Eric Wendt

The 2016 presidential election results offered up numerous content marketing lessons to be learned. Regardless of political affiliation, President-elect Donald Trump’s victory generated vital takeaways you can identify and use in future content marketing efforts.

Target your audience

While both candidates worked to broaden their voting base throughout the general election, each also tailored their messaging to narrower audiences in an attempt to shore up support.

Trump performed well among white non-Hispanic voters, beating out Hillary Clinton with this demographic by 21 percentage points, according to data from Edison Research. Meanwhile, 54 percent of all women supported Clinton, compared to the 42 percent who were for Trump.

Looking at the states where each candidate spent significant amounts of time and money, as well as listening to their stump speeches, illustrates just how customized their campaigns were for these and other demographics. For instance, data compiled by The Washington Post showed Trump spent more time than Clinton in states like Wisconsin, Michigan and Pennsylvania – all states with high numbers of white voters that had voted for Barack Obama in 2012.

As a marketer, you can apply similar tactics to your content stratgegy. You should:

  • Recognize your own preferred audience and refine your messaging accordingly.
  • Fine-tune your content to be more impactful.
  • Produce content that offers relevance and value to a specific audience.

Plan for the unexpected

Even some die-hard Trump supporters likely woke up Wednesday morning in a state of total shock. Seemingly every major poll in the nation had predicted a Clinton win, including polls from Bloomberg, CBS, Fox News, Reuters, USA Today and NBC. Celebrated statistician Nate Silver even gave Clinton a 72 percent chance of victory heading into election night.

If there’s one lesson marketers should learn from this, it’s that educated guesses are still only guesses. Forecasts aren’t written in stone, and it pays to plan for unexpected events.

Casting your vote for a content marketing strategy you like doesn't guarantee it's the perfect choice.

For instance, websites that previously enjoyed high search engine results page ranking due to overzealous keyword usage but failed to adapt to algorithm updates found themselves struggling to remain legitimate in the eyes of Google.

Then there are the marketers who initially shunned the value of social media platforms in favor of more tried-and-true marketing strategies. Today, Facebook, Twitter and LinkedIn are vital components of content marketing strategies.

Base your decisions on the here and now

Use facts and data to back up assertions. However, understand that what’s true today may not be tomorrow. You must be flexible and adaptable, willing to change your strategies to align with content marketing best practices. The same holds true for new developments in your particular industry.

Vary your content marketing campaigns

One way to avoid falling victim to rapid changes is to expand your content offerings. For instance, while producing high-quality blog content is important, you should also focus on creating valuable videos and graphics that can be deployed using different channels.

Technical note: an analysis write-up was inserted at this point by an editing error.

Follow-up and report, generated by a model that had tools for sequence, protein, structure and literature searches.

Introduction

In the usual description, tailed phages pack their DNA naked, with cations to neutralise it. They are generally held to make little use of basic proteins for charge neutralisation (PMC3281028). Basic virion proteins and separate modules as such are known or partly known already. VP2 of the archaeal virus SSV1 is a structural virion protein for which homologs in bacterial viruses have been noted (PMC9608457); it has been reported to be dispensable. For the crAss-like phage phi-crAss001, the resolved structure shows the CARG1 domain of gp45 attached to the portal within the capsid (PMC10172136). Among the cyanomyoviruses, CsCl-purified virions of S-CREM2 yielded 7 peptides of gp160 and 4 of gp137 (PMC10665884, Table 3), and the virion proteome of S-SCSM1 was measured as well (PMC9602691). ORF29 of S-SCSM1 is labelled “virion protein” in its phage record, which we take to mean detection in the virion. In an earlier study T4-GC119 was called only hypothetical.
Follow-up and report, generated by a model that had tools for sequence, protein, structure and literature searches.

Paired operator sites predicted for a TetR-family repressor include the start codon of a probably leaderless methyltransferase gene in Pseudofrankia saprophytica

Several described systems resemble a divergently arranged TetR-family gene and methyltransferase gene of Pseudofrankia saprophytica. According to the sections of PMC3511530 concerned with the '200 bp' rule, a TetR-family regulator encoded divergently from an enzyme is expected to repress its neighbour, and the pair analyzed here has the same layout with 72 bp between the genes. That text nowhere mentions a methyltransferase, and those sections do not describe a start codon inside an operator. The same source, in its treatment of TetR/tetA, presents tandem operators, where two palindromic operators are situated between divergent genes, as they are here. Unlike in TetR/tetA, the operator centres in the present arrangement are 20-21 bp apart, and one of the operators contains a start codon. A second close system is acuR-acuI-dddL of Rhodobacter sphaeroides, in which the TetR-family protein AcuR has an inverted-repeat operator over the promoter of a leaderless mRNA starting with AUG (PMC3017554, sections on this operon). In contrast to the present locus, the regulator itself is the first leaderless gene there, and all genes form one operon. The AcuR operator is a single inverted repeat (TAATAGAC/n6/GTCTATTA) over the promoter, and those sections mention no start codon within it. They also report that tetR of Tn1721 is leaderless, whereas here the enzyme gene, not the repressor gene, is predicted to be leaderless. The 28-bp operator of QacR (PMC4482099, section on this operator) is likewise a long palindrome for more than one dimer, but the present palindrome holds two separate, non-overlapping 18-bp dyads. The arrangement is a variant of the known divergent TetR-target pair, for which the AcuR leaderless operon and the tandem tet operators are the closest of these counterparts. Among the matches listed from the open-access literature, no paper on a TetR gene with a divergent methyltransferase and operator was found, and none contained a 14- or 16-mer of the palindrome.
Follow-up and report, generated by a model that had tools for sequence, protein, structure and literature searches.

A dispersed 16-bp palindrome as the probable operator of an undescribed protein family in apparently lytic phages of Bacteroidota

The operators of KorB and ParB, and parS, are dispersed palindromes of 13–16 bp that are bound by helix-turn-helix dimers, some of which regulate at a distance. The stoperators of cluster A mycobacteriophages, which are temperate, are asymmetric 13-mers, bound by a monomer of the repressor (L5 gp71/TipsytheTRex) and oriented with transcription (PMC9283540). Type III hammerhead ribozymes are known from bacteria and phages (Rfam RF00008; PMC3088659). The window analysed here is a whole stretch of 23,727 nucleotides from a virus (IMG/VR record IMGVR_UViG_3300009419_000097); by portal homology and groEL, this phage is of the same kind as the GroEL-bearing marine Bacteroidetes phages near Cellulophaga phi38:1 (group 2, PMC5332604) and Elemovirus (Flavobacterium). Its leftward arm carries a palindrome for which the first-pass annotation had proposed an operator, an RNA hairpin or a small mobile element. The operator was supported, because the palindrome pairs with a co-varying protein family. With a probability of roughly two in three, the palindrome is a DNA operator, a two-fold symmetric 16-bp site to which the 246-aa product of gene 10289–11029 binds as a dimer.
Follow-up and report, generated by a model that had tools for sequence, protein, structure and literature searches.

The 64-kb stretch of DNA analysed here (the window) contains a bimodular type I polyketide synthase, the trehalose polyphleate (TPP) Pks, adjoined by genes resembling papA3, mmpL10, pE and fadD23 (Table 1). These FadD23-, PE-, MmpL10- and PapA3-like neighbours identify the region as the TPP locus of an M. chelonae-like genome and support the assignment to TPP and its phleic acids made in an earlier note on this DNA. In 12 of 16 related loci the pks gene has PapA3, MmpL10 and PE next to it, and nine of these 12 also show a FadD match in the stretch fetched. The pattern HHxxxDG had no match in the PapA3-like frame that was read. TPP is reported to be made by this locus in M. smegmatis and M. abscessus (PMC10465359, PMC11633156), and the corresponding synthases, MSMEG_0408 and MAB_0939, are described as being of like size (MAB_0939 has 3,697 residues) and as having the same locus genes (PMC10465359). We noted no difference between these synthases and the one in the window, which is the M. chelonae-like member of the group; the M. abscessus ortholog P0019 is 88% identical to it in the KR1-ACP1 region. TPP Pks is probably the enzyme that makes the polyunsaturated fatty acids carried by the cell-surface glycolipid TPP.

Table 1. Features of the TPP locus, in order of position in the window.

Invest in technical website analysis

It’s crucial to examine how your content is performing and how it may be enhanced. If your strategy is not performing to your expectation, you may need to reexamine your approach and find a more effective way to win your audience over.

Search engine optimization is also constantly evolving, making it necessary to routinely check in on everything from your link-building strategy to how content is viewed on mobile devices. If unexpected changes arise, website audits will allow you to easily see what updates are necessary.

Avoid confirmation bias

Social media isn’t just an essential content marketing tool, it’s also how millions of Americans communicate. Seventy-eight percent of the U.S. population had a social media profile as of 2016, according to Statista.

However, people surrounding themselves with like-minded individuals can create an echo chamber of sorts, one where people only share and support news that confirms their specific thoughts and feelings. Many have pointed to this as one reason why so many people failed to anticipate the election outcome.

Confirmation bias can snake its way into marketing strategies if you’re not careful. Whether it’s insisting on a specific strategy despite data contradicting it or only focusing on one channel because you personally feel it’s the best, confirmation bias clashes with the ultimate objective of marketing: engaging and converting potential customers.

This is another obstacle easily overcome through testing and analysis of content. Personal feelings based on instinct and experience can be beneficial, but no content marketing strategy should discount hard facts.

Experimenting with different options can lead to success.

Use hard evidence to determine the best content marketing strategy to employ. 

For example, A/B testing website landing pages allows you to see the type of content that performs best, in addition to
other on-page elements. You may have preferences concerning tone and style of content, or which topics deserve the heaviest focus. Yet there’s no arguing with traffic metrics and bounce rates.

The election may be over, but its effects will continue to reverberate for years to come. Marketing professionals would be wise to put its hard-earned lessons to good use.